Premium on Safety - Issue 41, 2021 - 1

Best Practices: Waking Up Your Flight Department
Quiz: Upgrade Time!
Lessons Learned: Thinking Machines
ASI Message: An Impossible Turn?
Reality Check: The Runway Behind You
Focus Point: Recruiting Aerospace's Next Generation
USAIG/Aviation Performance Solutions Renew Performance Vector Alliance
Posters Lift Safety Reminders to Top-Of-Mind
The Sweet Tension Between Operations and Maintenance
Casual rivalries tend to form along task-oriented lines inside
organizations. Maybe it's human nature. Kitchen vs. wait staff, O-line
vs. D-line, production vs. sales, night shift vs. day shift: examples
are plentiful. The impacts of these informal cliques vary. They can
generate good-natured competition that stokes teamwork or create
barriers to open communication. Are the sub-groups that have
evolved in your flight operation contributing positively or holding
you back? An aviation relationship with significant implications to
safety and overall success will always be the one between operators
and maintainers.
There are built-in opportunities for friction. Walking an imaginary
mile in an aviation mechanic's shoes, it's not hard to see it might
feel like operators take aircraft made airworthy by a lot of hard
work and bring them back abused. Sometimes there's a collection
of vaguely documented gripes that require an endless cycle of more
work. On the other side, a blame game aimed at the maintainers
can spin up among dispatchers or pilots if a trip gets dropped
or delayed because an aircraft isn't ready, or if a pesky aircraft
discrepancy defies troubleshooting and repeats on subsequent
flights. In the big picture, it's clear operators and maintainers must
depend on each other to achieve and sustain success. But we don't
always live in the big picture.
Most corporate and charter flying outfits have fewer maintenance
technicians than operational personnel. That may be a sensible
arrangement based on job demands, but it also affects the
cultural center of gravity. Having two or more times the number
of operators than maintenance personnel can tilt the focus and
challenge maintenance issues to gain their due equity, day-today.
It's a good place to look when doing a self-assessment of
your operations-maintenance synergy. The imbalance-in-numbers
dilemma is generally solved by the right people in both groups
adapting their communications styles and acting with purpose to
ensure all concerns get due attention and priorities stay in balance.
But left unaddressed it can trigger frustration, apathy and a cultural
drift that forms a latent safety threat in your operation.
Keeping the operations-maintenance relationship healthy centers
on keeping the big picture of mutual dependency center stage. It's
all too easy for the two sides to fall into managing their challenges
independently. It's worth resisting that because it can lead to
maintenance and operational demands conflicting and raising stress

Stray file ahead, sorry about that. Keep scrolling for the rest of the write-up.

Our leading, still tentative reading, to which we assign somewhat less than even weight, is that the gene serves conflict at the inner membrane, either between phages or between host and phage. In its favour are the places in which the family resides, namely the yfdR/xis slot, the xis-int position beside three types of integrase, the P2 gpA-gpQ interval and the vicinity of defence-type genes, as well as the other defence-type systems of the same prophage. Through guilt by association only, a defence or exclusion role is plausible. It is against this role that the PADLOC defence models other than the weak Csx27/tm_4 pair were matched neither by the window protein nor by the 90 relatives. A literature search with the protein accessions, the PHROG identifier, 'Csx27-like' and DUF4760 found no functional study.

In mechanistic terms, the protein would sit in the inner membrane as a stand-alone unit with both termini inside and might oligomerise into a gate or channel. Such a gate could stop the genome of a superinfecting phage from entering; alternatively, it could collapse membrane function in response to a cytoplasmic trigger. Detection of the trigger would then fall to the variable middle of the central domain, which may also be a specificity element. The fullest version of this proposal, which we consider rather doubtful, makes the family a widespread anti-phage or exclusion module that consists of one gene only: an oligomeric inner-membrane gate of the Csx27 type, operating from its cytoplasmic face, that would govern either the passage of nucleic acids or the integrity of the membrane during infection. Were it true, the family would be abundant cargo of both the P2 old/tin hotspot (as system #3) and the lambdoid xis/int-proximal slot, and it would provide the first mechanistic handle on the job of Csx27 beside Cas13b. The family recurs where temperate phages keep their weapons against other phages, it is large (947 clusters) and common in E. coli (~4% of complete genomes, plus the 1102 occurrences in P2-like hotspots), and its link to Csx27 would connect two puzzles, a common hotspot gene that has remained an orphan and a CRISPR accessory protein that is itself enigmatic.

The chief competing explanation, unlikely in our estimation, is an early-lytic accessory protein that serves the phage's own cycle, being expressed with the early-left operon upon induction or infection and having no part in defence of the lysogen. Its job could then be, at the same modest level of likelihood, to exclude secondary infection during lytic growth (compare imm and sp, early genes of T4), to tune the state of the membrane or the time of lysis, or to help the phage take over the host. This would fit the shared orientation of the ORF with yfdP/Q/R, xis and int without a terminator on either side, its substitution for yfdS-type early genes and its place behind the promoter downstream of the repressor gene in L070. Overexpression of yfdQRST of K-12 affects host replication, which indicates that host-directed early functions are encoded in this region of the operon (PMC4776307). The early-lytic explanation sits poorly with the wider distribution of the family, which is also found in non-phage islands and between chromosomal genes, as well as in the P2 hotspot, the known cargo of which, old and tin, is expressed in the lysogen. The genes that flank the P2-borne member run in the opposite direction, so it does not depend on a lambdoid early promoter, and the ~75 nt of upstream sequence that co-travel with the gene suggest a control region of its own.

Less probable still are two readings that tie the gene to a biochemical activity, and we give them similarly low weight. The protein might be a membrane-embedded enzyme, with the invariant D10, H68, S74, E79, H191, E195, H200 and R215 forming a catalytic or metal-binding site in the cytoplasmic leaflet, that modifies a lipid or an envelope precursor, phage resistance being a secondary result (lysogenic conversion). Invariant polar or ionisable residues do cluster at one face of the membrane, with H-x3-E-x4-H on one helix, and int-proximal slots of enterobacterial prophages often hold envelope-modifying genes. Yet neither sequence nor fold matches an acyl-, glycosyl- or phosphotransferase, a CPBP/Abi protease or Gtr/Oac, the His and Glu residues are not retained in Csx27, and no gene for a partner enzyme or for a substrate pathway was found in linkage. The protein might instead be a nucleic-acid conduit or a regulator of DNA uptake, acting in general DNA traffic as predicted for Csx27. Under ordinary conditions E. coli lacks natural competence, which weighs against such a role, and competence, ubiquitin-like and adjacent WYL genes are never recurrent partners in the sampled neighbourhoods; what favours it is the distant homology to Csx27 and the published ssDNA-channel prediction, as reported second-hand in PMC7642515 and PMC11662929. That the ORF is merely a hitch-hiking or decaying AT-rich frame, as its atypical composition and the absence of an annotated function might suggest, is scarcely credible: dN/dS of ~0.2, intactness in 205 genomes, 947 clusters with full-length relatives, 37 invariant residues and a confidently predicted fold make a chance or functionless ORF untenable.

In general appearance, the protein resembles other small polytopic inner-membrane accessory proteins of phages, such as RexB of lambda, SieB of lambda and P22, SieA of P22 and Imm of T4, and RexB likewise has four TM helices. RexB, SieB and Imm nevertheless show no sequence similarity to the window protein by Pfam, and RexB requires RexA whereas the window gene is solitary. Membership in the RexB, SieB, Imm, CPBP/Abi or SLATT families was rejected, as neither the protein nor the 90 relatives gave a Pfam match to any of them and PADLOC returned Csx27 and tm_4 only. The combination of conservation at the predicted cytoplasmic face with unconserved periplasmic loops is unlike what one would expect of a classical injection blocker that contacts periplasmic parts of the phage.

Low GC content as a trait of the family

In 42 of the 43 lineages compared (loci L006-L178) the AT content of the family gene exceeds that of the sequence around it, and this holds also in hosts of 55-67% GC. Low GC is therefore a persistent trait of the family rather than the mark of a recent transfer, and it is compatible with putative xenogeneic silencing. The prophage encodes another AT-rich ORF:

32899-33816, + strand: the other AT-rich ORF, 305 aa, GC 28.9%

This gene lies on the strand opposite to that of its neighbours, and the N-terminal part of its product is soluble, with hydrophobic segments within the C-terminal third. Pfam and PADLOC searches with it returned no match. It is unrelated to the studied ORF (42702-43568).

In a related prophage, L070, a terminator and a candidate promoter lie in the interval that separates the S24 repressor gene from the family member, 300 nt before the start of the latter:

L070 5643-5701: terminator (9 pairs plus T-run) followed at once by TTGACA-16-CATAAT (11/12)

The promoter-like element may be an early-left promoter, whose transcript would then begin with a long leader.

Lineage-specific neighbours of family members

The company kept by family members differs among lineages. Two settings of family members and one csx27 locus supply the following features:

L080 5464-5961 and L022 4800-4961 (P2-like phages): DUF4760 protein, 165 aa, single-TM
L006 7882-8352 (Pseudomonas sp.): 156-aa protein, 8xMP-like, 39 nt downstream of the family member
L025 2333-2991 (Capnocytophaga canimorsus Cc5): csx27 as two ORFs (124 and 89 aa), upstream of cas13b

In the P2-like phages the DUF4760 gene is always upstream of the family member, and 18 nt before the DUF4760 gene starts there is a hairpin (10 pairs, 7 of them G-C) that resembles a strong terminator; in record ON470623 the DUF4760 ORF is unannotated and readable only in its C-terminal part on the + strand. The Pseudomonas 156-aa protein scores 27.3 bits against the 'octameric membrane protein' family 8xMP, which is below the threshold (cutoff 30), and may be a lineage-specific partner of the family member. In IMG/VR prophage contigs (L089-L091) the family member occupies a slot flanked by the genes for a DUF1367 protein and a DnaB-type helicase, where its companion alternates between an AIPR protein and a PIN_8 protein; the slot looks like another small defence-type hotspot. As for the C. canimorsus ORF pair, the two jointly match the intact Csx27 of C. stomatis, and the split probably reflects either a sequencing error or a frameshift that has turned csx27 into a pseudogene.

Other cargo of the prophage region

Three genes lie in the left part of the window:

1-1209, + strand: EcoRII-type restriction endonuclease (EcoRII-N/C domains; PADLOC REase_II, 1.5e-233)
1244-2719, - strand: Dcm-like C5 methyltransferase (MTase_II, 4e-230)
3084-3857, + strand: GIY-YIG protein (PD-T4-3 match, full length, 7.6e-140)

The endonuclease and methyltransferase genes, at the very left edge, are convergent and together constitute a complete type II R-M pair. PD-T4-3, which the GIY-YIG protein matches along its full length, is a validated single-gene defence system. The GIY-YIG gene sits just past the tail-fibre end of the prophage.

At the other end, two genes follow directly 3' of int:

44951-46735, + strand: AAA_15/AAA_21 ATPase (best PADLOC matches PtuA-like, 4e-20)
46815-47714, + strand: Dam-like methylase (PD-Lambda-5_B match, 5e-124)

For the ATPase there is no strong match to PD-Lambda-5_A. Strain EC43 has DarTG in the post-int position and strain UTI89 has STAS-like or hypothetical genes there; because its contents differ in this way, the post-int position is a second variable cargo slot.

rather than being meshed purposefully to best meet all competing
requirements. Have digital logbooks replaced in-person discussions
between pilots and technicians after trips? Returning at all hours
and having everyone on hybrid schedules makes that an attractive
solution with many benefits. But those logs are one-way by design.
Is transparent communication still happening to the extent needed,
or are augmenting strategies needed? Most pilots will eagerly invest
in helping track and fix issues on the aircraft they fly. They will
heighten attention to aircraft systems during flight and report their
observations in detail to maintenance-if they understand what's
needed. There's tremendous benefit to overall efficiency and safety
from each side having an up-to-date understanding about what's
driving and challenging the other.
This may seem like something you can fix once and be done. But
like eating right, exercising regularly, obeying the speed limit, and
changing the oil; repeated encouragement is needed. A triedand-true
safety approach is to pair consistent reminders with
processes designed to close pathways to error. How can that apply
here? Consider instituting a regular, recurring meeting between
operations and maintenance staff. Maybe it's a half hour over coffee
done weekly. The intent is to have a recurring forum in which the
dynamic, near-term operations and maintenance priorities are
reviewed and merged. Over time, this becomes the place where
sticking points in the schedule are spotted and resolved, favors
get asked, and strategies to 'win the week ahead' get mapped
out together. If you already do this, you likely know it can be
transformational to your safety and quality management. If you
don't, consider giving it a try.
Stay well, fly smart and fly safe.
Paul Ratté
Director of Aviation Safety
Programs, USAIG

Premium on Safety - Issue 41, 2021

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Premium on Safety - Issue 41, 2021 - Contents
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